Invincible is an 8-part animated superhero show based on a *long-running comic series by Robert Kirkman, famed for creating The Walking Dead—and if that doesn’t give you a big enough clue, I’m going to say this flat out: this is not one to plop your kids in front of while you sit on a Zoom call or potter round the house. But you though? You should totally watch it. It’s all kinds of awesome.
Invincible tells the story of Mark Grayson, a young man whose perceptions of the world – and of his heritage – are about to be shaken to the core. He is the son of Omni-Man, the most powerful superhero on the planet. Mark’s idealistic, smart, enthusiastic, and a little bit out of his depth. He struggles with girls, his father is stand-offish, and the school bully likes to push him around. When his powers finally kick in, it’s a game-changer, but his problems are only just beginning.
In terms of its set-up, Invincible is something of a companion piece to **The Boys in terms of the ultraviolence on display though – crucially – it’s not as cynical. As the series progresses, Mark’s expectations are crushed by experience, his idealism is rocked by the brutality around him and he has to make the fundamental choice to either accept the world as it is, or help change it for the better. (As do we all.)
The show looks amazing. It’s as close as I’ve ever seen to a direct translation of comic-book artwork to the screen, with none of the awkward style-shifts we see in live-action movies, filtered for realist tastes. Its visual design may be bright and breezy, but – like our hero – it functions to bring sharp contrast to the horrors of the world we’re watching: a world where where everyday people can be crushed by supes as easily (and carelessly) as ants in the melee.
The voice acting is top-notch, but the heart of the show belongs to the Grayson family: Mark (Steven Yeun), who is earnest and endearing; Debbie (Sandra Oh), who is by turns encouraging, stern, and haunted; and Nolan (J.K. Simmons), who can turn from reassuring warmth and sincerity to cold, brittle and distanced in the blink of an eye. The relationship between Mark and his mother is particularly affecting, and I felt it was to the writer’s credit that she is given equal dramatic weight to Omni-Man both in family dynamic and as role model.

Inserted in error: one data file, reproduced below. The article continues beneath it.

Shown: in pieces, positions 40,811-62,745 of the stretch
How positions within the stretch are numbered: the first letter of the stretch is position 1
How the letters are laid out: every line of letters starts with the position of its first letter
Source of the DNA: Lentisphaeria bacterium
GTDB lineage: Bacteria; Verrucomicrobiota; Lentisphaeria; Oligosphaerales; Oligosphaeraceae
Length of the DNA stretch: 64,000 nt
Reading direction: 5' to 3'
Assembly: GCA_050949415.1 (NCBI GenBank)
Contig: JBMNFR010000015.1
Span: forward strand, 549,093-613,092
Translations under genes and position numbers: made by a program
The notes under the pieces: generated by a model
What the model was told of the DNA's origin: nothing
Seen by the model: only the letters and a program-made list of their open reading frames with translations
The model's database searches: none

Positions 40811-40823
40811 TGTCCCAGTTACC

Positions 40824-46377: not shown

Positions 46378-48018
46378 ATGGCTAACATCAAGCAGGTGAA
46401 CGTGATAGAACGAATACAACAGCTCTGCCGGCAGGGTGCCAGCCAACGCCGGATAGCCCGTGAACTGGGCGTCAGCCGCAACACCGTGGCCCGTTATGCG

Oh hey, and the ensemble cast they’ve assembled is pretty incredible too, coming as they do from such cultural monoliths as Die Hard, Gladiator, Hamilton, Highlander, Justice League, Luke Cage, Mad Men, Star Trek, Star Wars, Teenage Mutant Ninja Turtles and The Walking Dead.
What blew me away more than anything though, was the writing. Kirkman knocks it out of the park, delivering sharp characters – each of whom come complete with the weight of history – and plot threads that play with (and cleverly subvert) our expectations, keeping us constantly off-balance. I’m being careful not to drop any spoilers in this review because this is one narrative that really benefits from our innocence when it comes to superheroics, a willingness to just let the story unfold around us.
I haven’t read the comics (yet), so I can’t compare the two with any credibility, but – given the sheer expense of animation and the precarious nature of television these days – my guess it they’ll be bringing a tighter focus to the animated saga. Whatever their play, it bodes well that Kirkman is acting as executive producer (as well as writing key episodes). Not only can he keep his eye on the ball, he can bring his considerable creative energies and intimate knowledge of the world and his characters to bear for the ultimate adaptation.
The show does everything I could have wanted and more.
*Invincible, by Robert Kirkman for Image Comics. It ran to 144 issues / 25 trade paperbacks, stretching from 2003-2018.
**The Boys was another comic-book series. It was written by Garth Ennis, ran from 2006-2020, and made a successful transition to live-action television in 2019, starring Karl Urban and Jack Quaid. Both The Boys and Invincible are available to watch on Amazon Prime at time of writing.
If you enjoyed this Review, watch out for more on the 2nd week of each month. I’ll be tackling games, comics, books, films… Whatever the last thing was that I finished and felt like sharing with you. I am also joining the Gingernuts of Horror review team, so look out for me there, too.
Prefer to read about my Business Journey, or pick up some Writing/Editorial Tips? Come back on the 3rd week of every month.
I’m reserving the 4th week each month for my hobby, the Audio Productions I’ve been doing of late.
The 5th week (when there is one), is a mixed bag.
When we slip over to the 1st week each month, I tend to talk about Personal stuff e.g. my life, my thoughts, mental or physical health.
That’s about it for now. Catch you next week.